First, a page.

Through the Microscope
- Grades 3-4
- Science and Engineering
Today’s 3D microscopes that can capture the nerve connections in a brain are a far cry from the magnifying lenses ground by hand in the 13th century. Yet both share a place in scientists’ fascination with the microscopic world. In this course, you’ll examine and compare living unicellular and multi-cellular organisms such as algae, elodea, rotifers, and paramecia, and learn to differentiate between bacterial, animal, and plant cells. You and your classmates will get comfortable doing laboratory tasks like staining, preparing wet mounts, extracting DNA, inoculation, building models, and writing lab reports while examining atoms and larger molecules, and exploring the various ways microscopes are used in fields like pathology, microbiology, and forensic science. You’ll learn to think and do research like a real scientist and gain an introduction to high school biology along the way.
Typical Class Size: 12
- Examine the parts and functionality of microscopes including comparing different types of microscopes, identifying and labeling parts of a microscope, calculating magnification, explaining how light, refraction, and magnification make a microscope work, demonstrating and considering best practices for operating a microscope
- Operate microscopes to make observations and record specific details in a lab notebook, such as the color, shape, and features of different cells and multicellular organisms
- Examine real-world scientific applications of different microscopes used in plant science, animal science, microbiology, genetics, and forensic science
- Model the use of microscopes to investigate and research parts of cells, DNA extraction, fingerprint analysis, and other collected objects and organisms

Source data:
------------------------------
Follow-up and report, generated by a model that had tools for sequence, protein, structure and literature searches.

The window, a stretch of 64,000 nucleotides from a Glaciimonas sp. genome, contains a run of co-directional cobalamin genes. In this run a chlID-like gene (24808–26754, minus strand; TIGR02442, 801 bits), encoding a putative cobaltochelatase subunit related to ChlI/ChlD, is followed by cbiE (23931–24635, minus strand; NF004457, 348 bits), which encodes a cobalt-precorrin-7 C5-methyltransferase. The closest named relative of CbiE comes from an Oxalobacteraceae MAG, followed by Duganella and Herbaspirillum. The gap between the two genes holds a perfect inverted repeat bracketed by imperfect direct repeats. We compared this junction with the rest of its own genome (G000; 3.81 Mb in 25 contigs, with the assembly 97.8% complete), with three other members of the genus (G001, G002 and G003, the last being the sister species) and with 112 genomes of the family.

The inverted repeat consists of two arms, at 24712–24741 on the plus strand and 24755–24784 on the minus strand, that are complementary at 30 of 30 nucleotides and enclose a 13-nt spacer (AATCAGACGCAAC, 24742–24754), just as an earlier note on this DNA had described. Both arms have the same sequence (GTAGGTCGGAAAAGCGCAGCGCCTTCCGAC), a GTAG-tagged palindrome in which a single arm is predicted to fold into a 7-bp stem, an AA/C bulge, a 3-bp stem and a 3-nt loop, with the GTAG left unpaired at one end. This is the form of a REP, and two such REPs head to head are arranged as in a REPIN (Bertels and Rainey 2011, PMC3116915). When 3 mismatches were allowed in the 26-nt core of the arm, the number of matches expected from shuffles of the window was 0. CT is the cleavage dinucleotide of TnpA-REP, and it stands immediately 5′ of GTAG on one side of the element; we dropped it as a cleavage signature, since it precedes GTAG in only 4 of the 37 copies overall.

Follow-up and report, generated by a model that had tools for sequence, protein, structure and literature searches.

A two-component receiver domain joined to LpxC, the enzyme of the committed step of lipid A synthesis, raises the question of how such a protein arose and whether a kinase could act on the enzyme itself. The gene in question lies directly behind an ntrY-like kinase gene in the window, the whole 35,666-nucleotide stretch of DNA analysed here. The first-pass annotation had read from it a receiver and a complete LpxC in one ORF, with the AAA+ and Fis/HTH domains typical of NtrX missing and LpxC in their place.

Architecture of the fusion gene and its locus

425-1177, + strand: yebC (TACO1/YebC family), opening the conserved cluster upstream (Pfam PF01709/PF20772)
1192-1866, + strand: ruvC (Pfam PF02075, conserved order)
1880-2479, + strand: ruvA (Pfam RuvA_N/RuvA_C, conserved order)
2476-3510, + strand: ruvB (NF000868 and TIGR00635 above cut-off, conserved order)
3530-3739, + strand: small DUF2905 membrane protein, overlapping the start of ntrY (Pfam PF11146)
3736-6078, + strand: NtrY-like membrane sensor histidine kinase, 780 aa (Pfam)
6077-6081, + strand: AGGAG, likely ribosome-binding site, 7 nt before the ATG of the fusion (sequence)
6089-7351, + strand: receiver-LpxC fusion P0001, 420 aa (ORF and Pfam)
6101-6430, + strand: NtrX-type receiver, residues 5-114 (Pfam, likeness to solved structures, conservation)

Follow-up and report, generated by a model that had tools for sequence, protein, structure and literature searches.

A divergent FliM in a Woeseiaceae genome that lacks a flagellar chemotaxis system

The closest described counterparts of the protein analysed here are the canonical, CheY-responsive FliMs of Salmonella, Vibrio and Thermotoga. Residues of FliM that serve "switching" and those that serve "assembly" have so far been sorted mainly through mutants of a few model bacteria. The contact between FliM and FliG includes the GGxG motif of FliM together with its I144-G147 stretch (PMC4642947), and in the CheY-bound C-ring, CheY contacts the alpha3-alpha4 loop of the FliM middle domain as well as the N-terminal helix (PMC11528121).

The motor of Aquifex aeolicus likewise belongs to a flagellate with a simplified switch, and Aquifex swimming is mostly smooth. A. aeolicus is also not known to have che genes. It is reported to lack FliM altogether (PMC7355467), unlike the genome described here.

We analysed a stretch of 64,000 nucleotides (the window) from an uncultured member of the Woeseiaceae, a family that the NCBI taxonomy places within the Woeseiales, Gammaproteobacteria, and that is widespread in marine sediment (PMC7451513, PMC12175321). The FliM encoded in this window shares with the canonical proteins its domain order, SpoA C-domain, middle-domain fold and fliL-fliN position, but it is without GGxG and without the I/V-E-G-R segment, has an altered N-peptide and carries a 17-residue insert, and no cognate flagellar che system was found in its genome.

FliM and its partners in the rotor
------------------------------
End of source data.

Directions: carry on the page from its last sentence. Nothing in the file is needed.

- Evaluate evidence and draw conclusions from qualitative and quantitative data gathered from microscopic research
Summer Dates & Locations
Testing and Prerequisites
|Required Level||CTY-Level||Not required|
Students must achieve qualifying scores on an advanced assessment to be eligible for CTY programs. If you don’t have qualifying scores, you have several different testing options. We’ll help you find the right option for your situation.Sign up for Testing Learn More
Cost and Financial Aid
- Nonrefundable Application Fee - $50 (Waived for financial aid applicants)
- Nonrefundable International Fee - $250 (outside US only)
Financial Aid is available
We are committed to serving all talented youth regardless of financial circumstances. Financial assistance is available based on need.
Please acquire all course materials by the course start date, unless noted as perishable. Items marked as “perishable” should not be acquired until the student needs them in the course. If you have questions about these materials or difficulty locating them, please contact [email protected].
Course Extras (Lab fee info, etc): Lab fee: $145
These titles have been featured in past sessions of the course, and may be included this summer. CTY provides students with all texts; no purchase is required.
- The Usborne Complete Book of the Microscope, by Kirsteen Rogers
About Science and Engineering at CTY
Explore space and our planet
In our Introduction to Astronomy course, we’ll visit a nearby observatory or planetarium, see what the cosmos looks like through various spectra, and immerse ourselves in the science and technology that bring the universe closer to home. In Marine Ecology, we’ll visit local wetlands and tidepools, observe flora and fauna, collect water samples and analyze them for clues about their health and humans’ impact. And in The Global Environment, we will explore the human impact on our environment and generate proposals for addressing climate change.
Bond over chemistry
Our chemistry courses help you see the world differently, starting at the atomic level. The Edible World gives budding chefs and science lovers a glimpse into the chemical reactions that happen when we make food, and the chemical makeup of meals and treats we eat every day. In our Crystals and Polymers course, we’ll synthesize slime, grow rock candy, and isolate strawberry DNA to learn about the molecular structure of naturally occurring gems and human-produced plastics. In Chemistry in Society, we’ll consider how the chemicals in products can both enhance and degrade the world around us; produce biodiesel in a lab to understand alternative fuels; and prepare aspirin to learn about the healing and toxic properties of pharmaceuticals.